Click here to read the story in its entirety on The New Yorker webpage. Salman Rushdie's "The Duniazát" was originally published in the June 1, 2015 issue of The New Yorker.
This week’s fiction is from a living legend (though I admit I have had a hard time reading him for some time). From The Page Turner interview with Deborah Treisman we learn that this story is “about a love affair between Ibn Rushd and Dunia, a jinni posing as a young woman.
On the one hand, I’d love to read a story about Averroes. On the other, I really disliked The Enchantress of Florence, in which Rushdie called forth a character based upon Machiavelli.
Looking forward to a good discussion, as always. Please leave your thoughts — or any other comments you might have — below.
Also, Adrienne, who has been commenting here for some time and who blogs at The Story Is Enough (here), is graciously providing her initial response to the story here, above the comments line. Thanks Adrienne! Here she is:
This is the first story by Salman Rushdie I have read, and I was quite enchanted by it. Combining fantasy and historical fiction in this tale about the 12th Century philosopher, Ibn Rushd, “The Duniazát” entertains us as it encourages us to think.
Ibn Rushd is forced into exile for his thoughts, his writings, and must use his fortitude and resources to continue to survive. He becomes a horse trader, a financier, a gardener. He falls in love with a young woman who calls herself Dunia, meaning “the world.” She becomes his lover and his housekeeper. They have many children, for she is quite insatiable. Only the stories he tells, the philosophies he had to abandon, calm her desire. He tells her tales based on former ideas of “reason, logic, and science” and “the inevitability of cause and effect.”
What Ibn Rushd does not know is that Dunia is really a jinni, “pursuing her fascination with human men in general and brilliant ones in particular.” Her most distinctive feature is her lack of earlobes, and all of their children inherit this quality. While she is magic, she, too, is bound by the natural consequences of her choice. Their lives trickle into common, human patterns. Physical intimacy fades, money problems wax, and time and energy for thought is overrun by the presence and clamor of children. Even magic, even miracles, even God must follow natural laws. Reason and religion must be reconciled.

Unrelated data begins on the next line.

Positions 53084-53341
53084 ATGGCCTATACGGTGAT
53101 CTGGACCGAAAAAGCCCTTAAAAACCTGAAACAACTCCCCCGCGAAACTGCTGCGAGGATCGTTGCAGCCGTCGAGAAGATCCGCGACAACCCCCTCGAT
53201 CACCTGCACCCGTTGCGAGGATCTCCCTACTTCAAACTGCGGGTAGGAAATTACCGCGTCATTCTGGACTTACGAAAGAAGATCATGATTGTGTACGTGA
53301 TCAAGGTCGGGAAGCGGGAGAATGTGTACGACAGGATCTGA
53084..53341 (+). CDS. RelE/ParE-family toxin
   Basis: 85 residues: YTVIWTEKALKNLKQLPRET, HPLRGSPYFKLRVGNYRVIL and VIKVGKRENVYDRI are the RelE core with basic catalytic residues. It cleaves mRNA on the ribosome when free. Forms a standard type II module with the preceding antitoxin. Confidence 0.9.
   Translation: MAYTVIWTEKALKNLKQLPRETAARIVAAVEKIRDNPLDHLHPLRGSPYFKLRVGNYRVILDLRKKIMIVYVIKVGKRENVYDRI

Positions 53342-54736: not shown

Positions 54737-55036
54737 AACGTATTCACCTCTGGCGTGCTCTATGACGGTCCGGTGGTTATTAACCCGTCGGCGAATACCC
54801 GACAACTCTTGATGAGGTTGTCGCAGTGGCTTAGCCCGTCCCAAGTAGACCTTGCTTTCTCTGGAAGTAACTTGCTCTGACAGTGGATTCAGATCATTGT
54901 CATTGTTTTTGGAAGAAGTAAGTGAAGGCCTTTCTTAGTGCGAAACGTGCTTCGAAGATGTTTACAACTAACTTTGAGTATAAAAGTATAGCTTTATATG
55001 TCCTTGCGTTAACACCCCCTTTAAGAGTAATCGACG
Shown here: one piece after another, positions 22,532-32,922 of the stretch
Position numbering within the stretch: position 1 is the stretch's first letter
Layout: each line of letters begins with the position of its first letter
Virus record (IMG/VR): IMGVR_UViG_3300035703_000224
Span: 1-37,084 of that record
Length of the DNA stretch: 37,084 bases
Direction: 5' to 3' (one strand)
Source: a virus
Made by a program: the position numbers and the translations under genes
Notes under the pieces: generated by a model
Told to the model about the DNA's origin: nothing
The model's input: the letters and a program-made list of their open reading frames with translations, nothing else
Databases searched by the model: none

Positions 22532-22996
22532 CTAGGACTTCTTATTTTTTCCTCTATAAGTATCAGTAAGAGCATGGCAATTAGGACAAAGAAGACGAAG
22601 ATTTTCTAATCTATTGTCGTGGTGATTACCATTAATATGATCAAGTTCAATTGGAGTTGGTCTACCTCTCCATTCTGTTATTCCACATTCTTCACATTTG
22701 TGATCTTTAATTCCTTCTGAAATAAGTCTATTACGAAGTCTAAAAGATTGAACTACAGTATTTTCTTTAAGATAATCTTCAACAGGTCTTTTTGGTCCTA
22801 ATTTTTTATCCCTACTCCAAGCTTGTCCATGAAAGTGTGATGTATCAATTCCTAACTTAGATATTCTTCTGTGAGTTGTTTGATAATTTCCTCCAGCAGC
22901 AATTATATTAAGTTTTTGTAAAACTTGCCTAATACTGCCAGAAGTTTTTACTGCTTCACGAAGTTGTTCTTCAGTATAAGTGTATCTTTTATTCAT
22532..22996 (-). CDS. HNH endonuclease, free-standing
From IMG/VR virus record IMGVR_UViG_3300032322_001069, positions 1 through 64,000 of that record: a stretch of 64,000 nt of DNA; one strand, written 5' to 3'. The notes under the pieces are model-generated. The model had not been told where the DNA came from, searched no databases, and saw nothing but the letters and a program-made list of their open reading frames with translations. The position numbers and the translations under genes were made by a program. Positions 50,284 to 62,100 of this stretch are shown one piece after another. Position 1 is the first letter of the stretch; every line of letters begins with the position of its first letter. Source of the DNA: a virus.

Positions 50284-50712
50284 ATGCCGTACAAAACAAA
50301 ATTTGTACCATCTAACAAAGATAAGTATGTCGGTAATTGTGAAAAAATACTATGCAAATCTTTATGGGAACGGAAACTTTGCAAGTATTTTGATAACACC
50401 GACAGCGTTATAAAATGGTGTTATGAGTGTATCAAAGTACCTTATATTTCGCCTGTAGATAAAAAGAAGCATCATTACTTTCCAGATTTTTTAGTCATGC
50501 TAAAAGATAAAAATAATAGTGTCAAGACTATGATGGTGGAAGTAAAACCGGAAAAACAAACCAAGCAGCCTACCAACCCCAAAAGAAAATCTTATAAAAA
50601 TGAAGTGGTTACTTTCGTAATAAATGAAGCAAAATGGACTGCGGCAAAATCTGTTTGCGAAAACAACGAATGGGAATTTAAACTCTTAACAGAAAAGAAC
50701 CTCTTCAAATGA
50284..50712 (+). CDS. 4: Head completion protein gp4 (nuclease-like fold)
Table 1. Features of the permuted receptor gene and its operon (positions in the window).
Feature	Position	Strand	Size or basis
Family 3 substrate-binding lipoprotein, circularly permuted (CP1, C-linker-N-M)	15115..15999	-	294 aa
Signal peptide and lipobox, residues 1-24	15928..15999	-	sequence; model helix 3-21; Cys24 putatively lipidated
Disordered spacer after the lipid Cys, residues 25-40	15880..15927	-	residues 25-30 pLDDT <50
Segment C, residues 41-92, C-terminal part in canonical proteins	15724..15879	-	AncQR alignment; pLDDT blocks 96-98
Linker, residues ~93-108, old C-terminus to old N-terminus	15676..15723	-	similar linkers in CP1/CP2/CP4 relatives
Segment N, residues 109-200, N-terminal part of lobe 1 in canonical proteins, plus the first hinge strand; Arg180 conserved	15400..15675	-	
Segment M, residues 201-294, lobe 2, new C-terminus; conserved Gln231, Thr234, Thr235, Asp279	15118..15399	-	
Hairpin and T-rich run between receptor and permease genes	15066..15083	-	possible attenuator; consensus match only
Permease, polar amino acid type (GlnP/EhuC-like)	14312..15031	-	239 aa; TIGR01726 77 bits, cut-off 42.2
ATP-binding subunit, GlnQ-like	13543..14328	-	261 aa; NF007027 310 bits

Then Ibn Rushd is called back to court suddenly. His exile is ended. He does not take his children with him, nor Dunia/the jinni. But “she went on loving him, even though he had so casually abandoned her.” Their bastard children, the children of a jinni and a philosopher, wander the earth, “ignorant of their supernatural origins,” adopting every kind of thought out there — some of faith, some of reason — never reconciling the two as Ibn Rushd, their father, had done. Secularism arose.
Using magic to tell the story of the history of thought is fascinating. It is a fairy tale that leaves so much room for thought and reader participation. “The Duniazát” is microcosm, “stories within stories.” Ibn Rushd’s experience mirrors the grander story of all of us: reconciliation between the polarities of thought that compete for our belief and the love affair between fantasy and rational thought. We are the Duniazáts, their children. What beliefs will we choose? Can we live by faith and also by reason? We are limited if we chose just one as the basis of all our thoughts. I know I will keep pondering this story throughout the week. There are so many layers, so many ideas to unravel . . .